Laptops and lack of 9-pin serial

I need a new laptop and all the new ones lack the old nine pin serial I/O that many of the PLC interfaces I have need. I bought a USB to
serial adapter from Radio Shack a year or so ago and had trouble with it locking up the laptop. Radio Shack was no help with support so I wasted $50 bucks.
I know others here must have faced this problem. What solutions have you guys found?
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"Paul M" <PaulMatWiredogdotcom> wrote in message

I have an IOGear USB to RS232 converter that's never caused any trouble with my laptops. CompUSA charged a lot less than $50 for it, too! We've got a couple of Belkin converters that are also trouble- free. Mine's worked fine with both Allen-Bradley DF1 and GE Fanuc SNP cable, but not Modbus RTU. That's not surprising given Modbus RTU ends a message with lack of characters instead of sending real end-of-message characters. Modbus ASCII should work, but I haven't had a chance to test it yet. The best solution may be a Modbus TCP to Modbus serial bridge, either Schneider's or a third party model.
The PC world may be going "legacy free," but the automation world will be dealing with RS-232 for a long time. I expect some of my municipal water and wastewater systems to run at least 20 to 30 years before the next major capital project replaces them. As always, a lack of spares will be the ultimate cause for replacement.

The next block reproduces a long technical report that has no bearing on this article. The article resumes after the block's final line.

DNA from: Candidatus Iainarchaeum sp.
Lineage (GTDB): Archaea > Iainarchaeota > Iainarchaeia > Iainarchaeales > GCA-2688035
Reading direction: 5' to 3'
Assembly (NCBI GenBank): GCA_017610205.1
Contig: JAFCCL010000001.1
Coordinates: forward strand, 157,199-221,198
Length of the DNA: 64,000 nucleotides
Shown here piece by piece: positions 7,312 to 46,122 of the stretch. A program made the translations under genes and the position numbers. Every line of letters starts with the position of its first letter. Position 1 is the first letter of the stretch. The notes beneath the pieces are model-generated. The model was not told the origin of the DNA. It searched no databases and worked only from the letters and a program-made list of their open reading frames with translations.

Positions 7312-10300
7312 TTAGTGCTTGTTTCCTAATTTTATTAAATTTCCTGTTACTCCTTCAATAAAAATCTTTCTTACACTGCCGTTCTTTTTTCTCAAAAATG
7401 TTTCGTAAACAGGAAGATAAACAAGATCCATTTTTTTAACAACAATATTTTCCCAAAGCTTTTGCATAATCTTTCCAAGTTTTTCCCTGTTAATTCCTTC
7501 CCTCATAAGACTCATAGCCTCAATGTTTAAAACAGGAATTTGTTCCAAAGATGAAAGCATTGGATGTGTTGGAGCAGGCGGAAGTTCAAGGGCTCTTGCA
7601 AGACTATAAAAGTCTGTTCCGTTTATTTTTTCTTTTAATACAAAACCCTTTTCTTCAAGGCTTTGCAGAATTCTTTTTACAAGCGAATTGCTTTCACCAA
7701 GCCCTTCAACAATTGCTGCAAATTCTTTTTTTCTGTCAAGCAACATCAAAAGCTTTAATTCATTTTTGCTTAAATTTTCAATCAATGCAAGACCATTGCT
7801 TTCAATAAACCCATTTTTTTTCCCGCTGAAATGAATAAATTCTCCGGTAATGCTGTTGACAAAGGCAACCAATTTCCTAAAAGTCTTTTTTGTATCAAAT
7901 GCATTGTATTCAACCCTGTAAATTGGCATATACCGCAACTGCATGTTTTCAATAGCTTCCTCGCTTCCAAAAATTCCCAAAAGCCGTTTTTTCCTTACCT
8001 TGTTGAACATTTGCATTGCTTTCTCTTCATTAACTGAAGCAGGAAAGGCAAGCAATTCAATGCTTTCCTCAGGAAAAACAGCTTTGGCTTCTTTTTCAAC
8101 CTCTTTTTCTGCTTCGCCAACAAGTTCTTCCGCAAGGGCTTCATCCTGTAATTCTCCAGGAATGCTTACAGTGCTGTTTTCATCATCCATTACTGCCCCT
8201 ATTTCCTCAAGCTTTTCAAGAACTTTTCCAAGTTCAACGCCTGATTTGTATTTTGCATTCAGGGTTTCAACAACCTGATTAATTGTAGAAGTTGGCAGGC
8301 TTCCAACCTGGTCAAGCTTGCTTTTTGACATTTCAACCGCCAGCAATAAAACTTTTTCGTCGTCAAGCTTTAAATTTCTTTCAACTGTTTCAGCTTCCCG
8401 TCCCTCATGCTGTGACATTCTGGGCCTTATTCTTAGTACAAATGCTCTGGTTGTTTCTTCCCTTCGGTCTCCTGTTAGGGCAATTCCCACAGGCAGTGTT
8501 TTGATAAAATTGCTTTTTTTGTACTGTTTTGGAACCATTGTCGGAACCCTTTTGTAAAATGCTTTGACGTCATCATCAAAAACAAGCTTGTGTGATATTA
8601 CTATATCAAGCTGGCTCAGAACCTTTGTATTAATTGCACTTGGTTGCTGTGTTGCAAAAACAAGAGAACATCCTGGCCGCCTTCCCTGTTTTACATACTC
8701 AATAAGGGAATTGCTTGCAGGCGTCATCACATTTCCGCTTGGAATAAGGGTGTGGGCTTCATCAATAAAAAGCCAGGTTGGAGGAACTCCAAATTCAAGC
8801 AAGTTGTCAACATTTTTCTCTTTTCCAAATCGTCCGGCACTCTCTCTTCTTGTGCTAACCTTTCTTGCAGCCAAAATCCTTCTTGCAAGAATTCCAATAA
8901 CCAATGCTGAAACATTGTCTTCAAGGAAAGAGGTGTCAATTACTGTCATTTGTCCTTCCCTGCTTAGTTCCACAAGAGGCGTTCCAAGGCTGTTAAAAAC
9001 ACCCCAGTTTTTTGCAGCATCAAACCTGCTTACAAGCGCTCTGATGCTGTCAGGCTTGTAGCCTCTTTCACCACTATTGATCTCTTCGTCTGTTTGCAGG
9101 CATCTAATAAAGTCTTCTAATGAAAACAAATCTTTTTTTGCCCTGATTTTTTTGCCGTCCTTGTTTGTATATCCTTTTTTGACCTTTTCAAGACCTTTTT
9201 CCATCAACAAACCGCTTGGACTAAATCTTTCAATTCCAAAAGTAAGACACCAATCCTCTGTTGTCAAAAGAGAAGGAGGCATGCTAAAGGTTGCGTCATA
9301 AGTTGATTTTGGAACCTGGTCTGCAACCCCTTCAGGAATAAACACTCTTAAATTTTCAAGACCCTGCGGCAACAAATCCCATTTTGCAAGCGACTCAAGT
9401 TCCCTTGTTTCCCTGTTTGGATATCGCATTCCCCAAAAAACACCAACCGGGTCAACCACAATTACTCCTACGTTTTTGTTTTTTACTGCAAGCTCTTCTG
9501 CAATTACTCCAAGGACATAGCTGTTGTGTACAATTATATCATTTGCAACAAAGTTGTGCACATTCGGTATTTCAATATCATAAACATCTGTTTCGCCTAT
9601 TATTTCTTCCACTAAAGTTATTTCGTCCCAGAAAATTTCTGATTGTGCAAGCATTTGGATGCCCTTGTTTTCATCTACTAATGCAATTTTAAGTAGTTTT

Mike
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On Sun, 24 Sep 2006 07:35:56 GMT, "Mike Lamond"

That has been the case in the past and even with limited use of microprocessors, it has been hard to keep them running. I have had lots of discussion with designers about building in points in the system that lend to easy replacement of segments in a control system. The hardest part of good design is to make it not only possible but easy to maintain and upgrade. Time will tell.
Thanks for the info. Everyone's replies will make it much easier to go shopping this time and maybe even get something that works out of the box.
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Paul M <PaulMatWiredogdotcom> writes:

The USB/Serial converters from FTDI seem to be about the best around. I've had trouble with the Prolific ones but the FTDI ones have been the mutt's.
Chris
--
Chris Eilbeck

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"Paul M" <PaulMatWiredogdotcom> wrote in message

If you're using older software that doesn't like USB (flow control issues) or you don't want to use USB (not enough ports or ports in the wrong place), your other option is a PCMCIA or CF serial card.
Quatech (www.quatech.com) sell both single and dual-port versions in either straight RS232 or RS422/485 that work right out of the box - no special config required. We've been using a dual-port RS232 one for years...
Cameron:-)
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On Mon, 25 Sep 2006 13:37:43 +1000, "Cameron Dorrough"